Lesson of the Day: ‘Tone Is Hard to Grasp Online. Can Tone Indicators Help?’

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Lesson of the Day: ‘Tone Is Hard to Grasp Online. Can Tone Indicators Help?’

Students in U.S. high schools can get free digital access to The New York Times until Sept. 1, 2021.

Featured Article: “Tone Is Hard to Grasp Online. Can Tone Indicators Help?” by Ezra Marcus with videos by Shane O’Neill

We all struggle to communicate online — sometimes with funny consequences, and at other times hurtful ones. “In a text-only environment, how can we ever be certain other people understand what we mean when we post online? Enter tone indicators,” writes Ezra Marcus.

In this lesson, you will explore the challenges of communication in a digital age and how an emerging linguistic trend might help us all. In a Going Further activity, you will create your own tone indicator videos to help others avoid miscommunication.

How often do you experience misunderstandings over a text, email, chat or other digital form of communication?

Someone posted on your Instagram “that’s SO cool” and you thought they were being sarcastic. You texted someone “yeh, sure” and they thought you were being serious when you were joking.

Take a few minutes to write about a memorable miscommunication you had in a text or online. What was written, by whom, and how was it misunderstood? What was the source of the confusion? A typo? Confusing grammar? A misinterpretation of meaning, subtext or tone? What were the consequences of the mix-up? Embarrassment? Hurt feelings? Laughs?

If you are in a classroom setting, share your experiences and make a list of common problems you face in online communication.

Read the article, then answer the following questions:

1. Why is written language “an imperfect method for the messy, complex business of communication” according to the author, Ezra Marcus? Why is it less effective than face-to-face communication?

2. What are tone indicators, in your own words, for someone who has never heard of or used them? How do they address the kinds of communication challenges you identified in the warm-up activity?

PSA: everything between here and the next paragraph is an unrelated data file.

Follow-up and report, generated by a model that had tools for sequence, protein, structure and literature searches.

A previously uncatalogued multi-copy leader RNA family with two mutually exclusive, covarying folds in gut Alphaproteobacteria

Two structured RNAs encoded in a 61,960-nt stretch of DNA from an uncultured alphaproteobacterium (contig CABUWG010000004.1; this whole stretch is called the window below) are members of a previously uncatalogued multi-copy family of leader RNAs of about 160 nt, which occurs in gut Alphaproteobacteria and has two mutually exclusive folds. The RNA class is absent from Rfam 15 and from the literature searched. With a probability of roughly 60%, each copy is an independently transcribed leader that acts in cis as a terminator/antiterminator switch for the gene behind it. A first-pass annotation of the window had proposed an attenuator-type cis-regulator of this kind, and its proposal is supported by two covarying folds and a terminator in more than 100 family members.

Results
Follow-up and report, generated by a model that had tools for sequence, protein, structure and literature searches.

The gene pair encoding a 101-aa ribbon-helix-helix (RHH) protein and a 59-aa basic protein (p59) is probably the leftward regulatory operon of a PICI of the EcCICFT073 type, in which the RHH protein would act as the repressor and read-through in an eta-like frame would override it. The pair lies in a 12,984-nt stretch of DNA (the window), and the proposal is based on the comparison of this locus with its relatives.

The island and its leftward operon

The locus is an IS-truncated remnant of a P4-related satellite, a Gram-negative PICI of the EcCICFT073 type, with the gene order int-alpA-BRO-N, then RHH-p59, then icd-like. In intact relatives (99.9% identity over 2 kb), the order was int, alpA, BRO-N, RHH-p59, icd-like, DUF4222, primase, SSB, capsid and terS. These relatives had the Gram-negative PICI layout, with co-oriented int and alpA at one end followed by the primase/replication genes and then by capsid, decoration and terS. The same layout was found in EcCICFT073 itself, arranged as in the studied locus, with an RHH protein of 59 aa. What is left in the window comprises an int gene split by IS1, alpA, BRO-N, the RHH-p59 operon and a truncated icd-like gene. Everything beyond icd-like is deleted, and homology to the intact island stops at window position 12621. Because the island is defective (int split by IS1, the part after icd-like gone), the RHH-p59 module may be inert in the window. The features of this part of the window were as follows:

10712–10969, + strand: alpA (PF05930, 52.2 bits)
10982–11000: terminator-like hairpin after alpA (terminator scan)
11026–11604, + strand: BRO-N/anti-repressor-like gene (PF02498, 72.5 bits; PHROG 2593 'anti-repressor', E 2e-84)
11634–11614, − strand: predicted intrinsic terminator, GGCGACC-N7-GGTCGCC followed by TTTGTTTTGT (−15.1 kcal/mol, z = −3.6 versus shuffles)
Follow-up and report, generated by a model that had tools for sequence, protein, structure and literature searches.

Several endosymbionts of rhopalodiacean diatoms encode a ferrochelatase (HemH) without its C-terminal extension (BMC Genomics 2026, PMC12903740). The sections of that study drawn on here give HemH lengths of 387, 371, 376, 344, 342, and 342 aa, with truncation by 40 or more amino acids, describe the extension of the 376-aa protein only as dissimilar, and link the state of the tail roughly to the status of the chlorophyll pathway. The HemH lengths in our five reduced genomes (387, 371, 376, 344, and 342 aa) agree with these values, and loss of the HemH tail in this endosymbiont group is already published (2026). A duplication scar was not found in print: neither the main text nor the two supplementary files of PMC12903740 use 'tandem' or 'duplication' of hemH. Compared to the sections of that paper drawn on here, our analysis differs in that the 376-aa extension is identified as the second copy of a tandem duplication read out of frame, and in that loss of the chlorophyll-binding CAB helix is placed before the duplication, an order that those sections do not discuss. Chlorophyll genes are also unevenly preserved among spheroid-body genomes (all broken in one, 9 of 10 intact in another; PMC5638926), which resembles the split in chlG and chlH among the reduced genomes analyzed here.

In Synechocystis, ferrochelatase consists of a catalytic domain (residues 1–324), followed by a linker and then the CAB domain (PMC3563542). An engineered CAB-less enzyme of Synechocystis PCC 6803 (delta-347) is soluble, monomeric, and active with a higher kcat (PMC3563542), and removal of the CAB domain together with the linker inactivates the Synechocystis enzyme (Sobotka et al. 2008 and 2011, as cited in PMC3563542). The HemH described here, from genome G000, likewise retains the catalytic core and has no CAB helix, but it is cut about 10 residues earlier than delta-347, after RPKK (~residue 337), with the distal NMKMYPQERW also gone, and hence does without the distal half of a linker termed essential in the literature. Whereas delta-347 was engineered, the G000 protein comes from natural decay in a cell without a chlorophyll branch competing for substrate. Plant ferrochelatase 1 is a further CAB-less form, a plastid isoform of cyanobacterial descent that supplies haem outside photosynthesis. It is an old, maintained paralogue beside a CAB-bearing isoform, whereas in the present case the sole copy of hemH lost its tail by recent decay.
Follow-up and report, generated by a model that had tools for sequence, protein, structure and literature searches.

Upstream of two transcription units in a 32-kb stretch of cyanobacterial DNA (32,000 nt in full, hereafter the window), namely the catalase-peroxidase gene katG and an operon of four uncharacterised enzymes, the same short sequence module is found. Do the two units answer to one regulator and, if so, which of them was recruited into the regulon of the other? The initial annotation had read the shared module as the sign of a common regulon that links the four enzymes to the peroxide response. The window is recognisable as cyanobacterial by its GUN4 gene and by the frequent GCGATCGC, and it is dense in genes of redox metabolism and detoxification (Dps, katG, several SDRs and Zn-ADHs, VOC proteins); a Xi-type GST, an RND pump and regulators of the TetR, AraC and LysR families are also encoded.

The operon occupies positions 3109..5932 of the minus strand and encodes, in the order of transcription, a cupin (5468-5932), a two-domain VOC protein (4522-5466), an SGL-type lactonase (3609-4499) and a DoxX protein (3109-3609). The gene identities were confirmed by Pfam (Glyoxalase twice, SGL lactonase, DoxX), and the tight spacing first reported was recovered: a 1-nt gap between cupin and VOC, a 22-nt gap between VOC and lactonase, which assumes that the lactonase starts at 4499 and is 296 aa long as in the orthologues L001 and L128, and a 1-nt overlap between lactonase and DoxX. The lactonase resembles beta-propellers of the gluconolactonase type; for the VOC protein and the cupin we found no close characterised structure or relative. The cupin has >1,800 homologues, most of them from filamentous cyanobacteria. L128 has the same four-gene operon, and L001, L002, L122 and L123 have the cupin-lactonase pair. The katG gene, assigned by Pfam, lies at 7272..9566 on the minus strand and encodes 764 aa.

3. What does it mean to be “neurodivergent”? Why are tone indicators popular with people who are neurodivergent, according to the article?

4. Why are some people opposed to the use or overuse of tone indicators? Do you find those arguments persuasive?

5. Mr. Marcus writes that the history of tone indication is much older than the internet. Which example from the article do you find most fascinating or instructive? How did the smiley face emoticon “:-)” come into being? What does that story tell us about the evolution of communication?

6. What is your reaction to the article? Do you think tone indicators would have prevented the miscommunication you described in the warm-up activity? Which tone indicators do you think are most helpful? Which are less so? Do you think you will use them in the future?

7. The author notes that many past efforts to invent punctuation like the upside-down exclamation mark to indicate sarcasm and irony failed to catch on. Do you think tone indicators will catch on? Do you think they will make the internet a better place?

Option 1: Share Your Thoughts

Choose one or more of the following writing prompts:

  • Communication: What method of communication for speaking or writing do you prefer — by phone, text, video call or face-to-face? How is communicating in-person different from having digital conversations? What are the advantages and drawbacks of each?

  • Miscommunication: How big a problem is miscommunication for you? How often do you find yourself being misunderstood or confused as to another person’s intent? What strategies have you used to better ensure clear communication? How successful have they been?

  • Tone Indicators: One Times reader, Chris from San Francisco, commented:

Tone indicators are a pretense claiming to be a fact.

They pretend that perfect clarity is possible when it never has been and never will be. In-person dialogue with an intimate loved one requires clarifying questions if you’re really paying attention, and even talking to ourselves or journaling usually requires a few iterations to get at what’s under the surface. We express to discover what we mean, not pre-determine it. Exploring meaning is what connects and nourishes, not clipped declarations of intent.

Instead of tone indicators, I’d suggest we ensure the reader feels free to ask for clarification in a way that deepens connection, not abbreviates it.

Do you agree? Do you believe that tone indicators abbreviate connection and true intimacy? Or do you find them helpful to avoid misunderstanding and a good step for inclusiveness?

Option 2: Create Your Own Tone Indicator Videos

Create your own tone videos using the ones featured in the article as an inspiration and guide.

Your videos can illustrate existing tone indicators or you can create your own new ones — drawing from the list of common communication problems you created in the warm-up activity.

Each video should have the same words or phrase, but use a different tone and delivery along with the corresponding indicator or symbol.

When you are finished, share your videos with the class and create an anthology of tone indicators as a whole group.


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